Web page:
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Happiness Happens Challenge Day 26

Updated: Sep 16, 2022

For today's challenge, give a 20 second hug!

Why hug?

A 20-second hug reduces the harmful effects of stress, relieves blood pressure, and ensures a healthy heart.


Why does hugging make us happier?

Something about the act of hugging increases feel good hormones in our bodies.

  • Hugs increase dopamine, oxytocin and serotonin levels. That means you will feel happier, feel more loving to those around you, increase heart health, and feel less stressed and anxious.

  • Studies have found that even people who hug a pillow during stressful phone conversations are less stressed.

  • Hugs help create attachments to increase the quality of your relationships.

  • Hugs help release the parasympathetic system which builds up tense feelings as a response to perceived threats. In common terms - it will physically relieve stress.

Now, you may face some sexual harassment charges if you try to go around giving 20 second hugs at work, but even getting a 20 second hug from a loved one before a stressful event, like a big presentation, has been shown to lower stress levels. You can try to incorporate some touch as well, as simply by touching someone we can have some positive effect on hormone levels and relationship building.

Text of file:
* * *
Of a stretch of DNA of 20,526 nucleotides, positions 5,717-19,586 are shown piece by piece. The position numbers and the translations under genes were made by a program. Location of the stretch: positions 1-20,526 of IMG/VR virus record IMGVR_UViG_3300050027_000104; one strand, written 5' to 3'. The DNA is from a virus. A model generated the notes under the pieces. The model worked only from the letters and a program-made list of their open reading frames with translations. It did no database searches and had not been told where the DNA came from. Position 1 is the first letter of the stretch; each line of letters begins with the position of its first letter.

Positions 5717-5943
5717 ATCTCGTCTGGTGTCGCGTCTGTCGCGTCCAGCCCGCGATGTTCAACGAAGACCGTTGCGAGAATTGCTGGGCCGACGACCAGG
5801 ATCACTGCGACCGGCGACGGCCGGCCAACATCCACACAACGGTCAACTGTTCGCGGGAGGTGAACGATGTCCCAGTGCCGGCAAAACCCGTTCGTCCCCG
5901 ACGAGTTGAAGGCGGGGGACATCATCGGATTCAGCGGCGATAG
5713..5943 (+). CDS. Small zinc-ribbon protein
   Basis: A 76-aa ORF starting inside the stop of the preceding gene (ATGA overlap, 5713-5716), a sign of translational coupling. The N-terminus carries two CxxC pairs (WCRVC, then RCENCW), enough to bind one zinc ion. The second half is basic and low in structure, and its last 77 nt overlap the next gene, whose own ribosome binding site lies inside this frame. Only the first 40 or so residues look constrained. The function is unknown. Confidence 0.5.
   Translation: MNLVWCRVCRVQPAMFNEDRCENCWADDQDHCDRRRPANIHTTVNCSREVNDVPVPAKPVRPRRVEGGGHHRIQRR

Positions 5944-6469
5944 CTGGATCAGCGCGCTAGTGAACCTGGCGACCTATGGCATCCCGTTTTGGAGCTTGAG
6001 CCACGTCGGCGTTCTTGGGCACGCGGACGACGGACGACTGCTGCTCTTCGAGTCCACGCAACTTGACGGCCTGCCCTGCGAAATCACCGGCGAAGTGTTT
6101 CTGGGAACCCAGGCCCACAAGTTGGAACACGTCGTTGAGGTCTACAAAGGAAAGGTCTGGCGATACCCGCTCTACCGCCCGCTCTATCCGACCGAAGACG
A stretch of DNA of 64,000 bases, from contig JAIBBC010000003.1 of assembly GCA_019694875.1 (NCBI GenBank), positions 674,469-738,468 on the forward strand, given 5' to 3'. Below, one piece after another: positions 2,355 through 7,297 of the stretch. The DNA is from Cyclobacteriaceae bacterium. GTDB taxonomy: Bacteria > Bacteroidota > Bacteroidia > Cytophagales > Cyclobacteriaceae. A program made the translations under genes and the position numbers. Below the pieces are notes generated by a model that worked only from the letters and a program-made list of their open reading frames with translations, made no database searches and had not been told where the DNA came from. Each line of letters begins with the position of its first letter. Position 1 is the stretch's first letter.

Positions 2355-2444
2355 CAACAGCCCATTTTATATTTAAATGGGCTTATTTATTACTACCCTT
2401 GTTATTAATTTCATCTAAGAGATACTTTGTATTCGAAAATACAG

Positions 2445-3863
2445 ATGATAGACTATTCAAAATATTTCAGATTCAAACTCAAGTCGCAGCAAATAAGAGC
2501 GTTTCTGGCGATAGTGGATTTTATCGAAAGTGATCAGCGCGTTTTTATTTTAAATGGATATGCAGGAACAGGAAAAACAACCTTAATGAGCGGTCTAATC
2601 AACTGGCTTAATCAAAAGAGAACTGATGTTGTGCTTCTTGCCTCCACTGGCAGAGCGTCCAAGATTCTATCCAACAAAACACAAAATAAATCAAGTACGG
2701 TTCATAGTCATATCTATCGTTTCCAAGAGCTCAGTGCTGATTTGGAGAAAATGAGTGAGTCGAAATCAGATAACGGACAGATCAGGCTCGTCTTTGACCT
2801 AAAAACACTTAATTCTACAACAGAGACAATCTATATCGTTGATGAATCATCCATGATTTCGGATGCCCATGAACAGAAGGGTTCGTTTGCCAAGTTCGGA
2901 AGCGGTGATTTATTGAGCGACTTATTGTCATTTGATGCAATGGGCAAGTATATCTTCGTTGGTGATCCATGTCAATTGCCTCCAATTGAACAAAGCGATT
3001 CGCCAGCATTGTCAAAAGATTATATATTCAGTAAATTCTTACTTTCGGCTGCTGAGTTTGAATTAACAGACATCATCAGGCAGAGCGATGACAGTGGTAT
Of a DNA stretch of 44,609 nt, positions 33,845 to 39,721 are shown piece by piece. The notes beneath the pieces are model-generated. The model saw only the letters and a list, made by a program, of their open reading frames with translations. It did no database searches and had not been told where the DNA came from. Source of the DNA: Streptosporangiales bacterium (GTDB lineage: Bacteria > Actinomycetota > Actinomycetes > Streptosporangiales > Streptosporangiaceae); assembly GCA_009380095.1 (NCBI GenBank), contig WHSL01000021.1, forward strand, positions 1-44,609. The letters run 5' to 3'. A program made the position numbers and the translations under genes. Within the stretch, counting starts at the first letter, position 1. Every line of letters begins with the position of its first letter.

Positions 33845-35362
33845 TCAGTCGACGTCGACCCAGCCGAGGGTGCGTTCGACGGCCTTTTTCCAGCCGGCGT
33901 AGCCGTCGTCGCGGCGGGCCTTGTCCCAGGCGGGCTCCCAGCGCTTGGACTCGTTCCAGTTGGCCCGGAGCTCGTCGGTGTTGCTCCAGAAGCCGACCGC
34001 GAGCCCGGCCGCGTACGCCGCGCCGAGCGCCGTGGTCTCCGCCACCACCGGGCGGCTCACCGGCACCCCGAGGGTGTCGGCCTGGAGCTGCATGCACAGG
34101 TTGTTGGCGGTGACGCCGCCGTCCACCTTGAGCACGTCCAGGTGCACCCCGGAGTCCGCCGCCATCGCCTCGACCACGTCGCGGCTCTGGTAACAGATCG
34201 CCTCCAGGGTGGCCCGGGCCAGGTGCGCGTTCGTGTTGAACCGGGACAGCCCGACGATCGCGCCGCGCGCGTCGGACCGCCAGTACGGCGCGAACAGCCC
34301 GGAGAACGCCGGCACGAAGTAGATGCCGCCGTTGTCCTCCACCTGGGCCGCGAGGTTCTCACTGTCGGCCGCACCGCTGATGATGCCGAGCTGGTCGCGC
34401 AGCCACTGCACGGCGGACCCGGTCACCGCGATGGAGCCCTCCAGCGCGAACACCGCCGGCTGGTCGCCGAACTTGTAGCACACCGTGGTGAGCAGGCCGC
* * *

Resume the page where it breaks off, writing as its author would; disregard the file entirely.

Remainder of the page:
How can you do it?

  • To do a proper 20 second hug, each of you should be standing equally on your feet (no one leaning into the other more and each supporting your own weight). Twenty seconds may feel quite long if you have never done it intentionally, but you will feel greater effects if you can last.

  • Even a ten second hug can improve your immunity and lessen depression and fatigue.

  • If you want to incorporate touch at work, it is usually safe to touch even strangers briefly on the hand, and acquaintances on their arms, but try not to linger.

Who will you hug today?

“What 20 Seconds of Hugging Can Do for You.” Psychology Today, 2022, Accessed 26 Aug. 2022.

Kumar, Karthik. “How Do Hugs Make You Feel?” MedicineNet, MedicineNet, 3 Dec. 2020, Accessed 26 Aug. 2022.

Tinker, Ben. “Where We like Being Touched, Where We Don’t and Why.” CNN, CNN, 30 Oct. 2015, Accessed 26 Aug. 2022.


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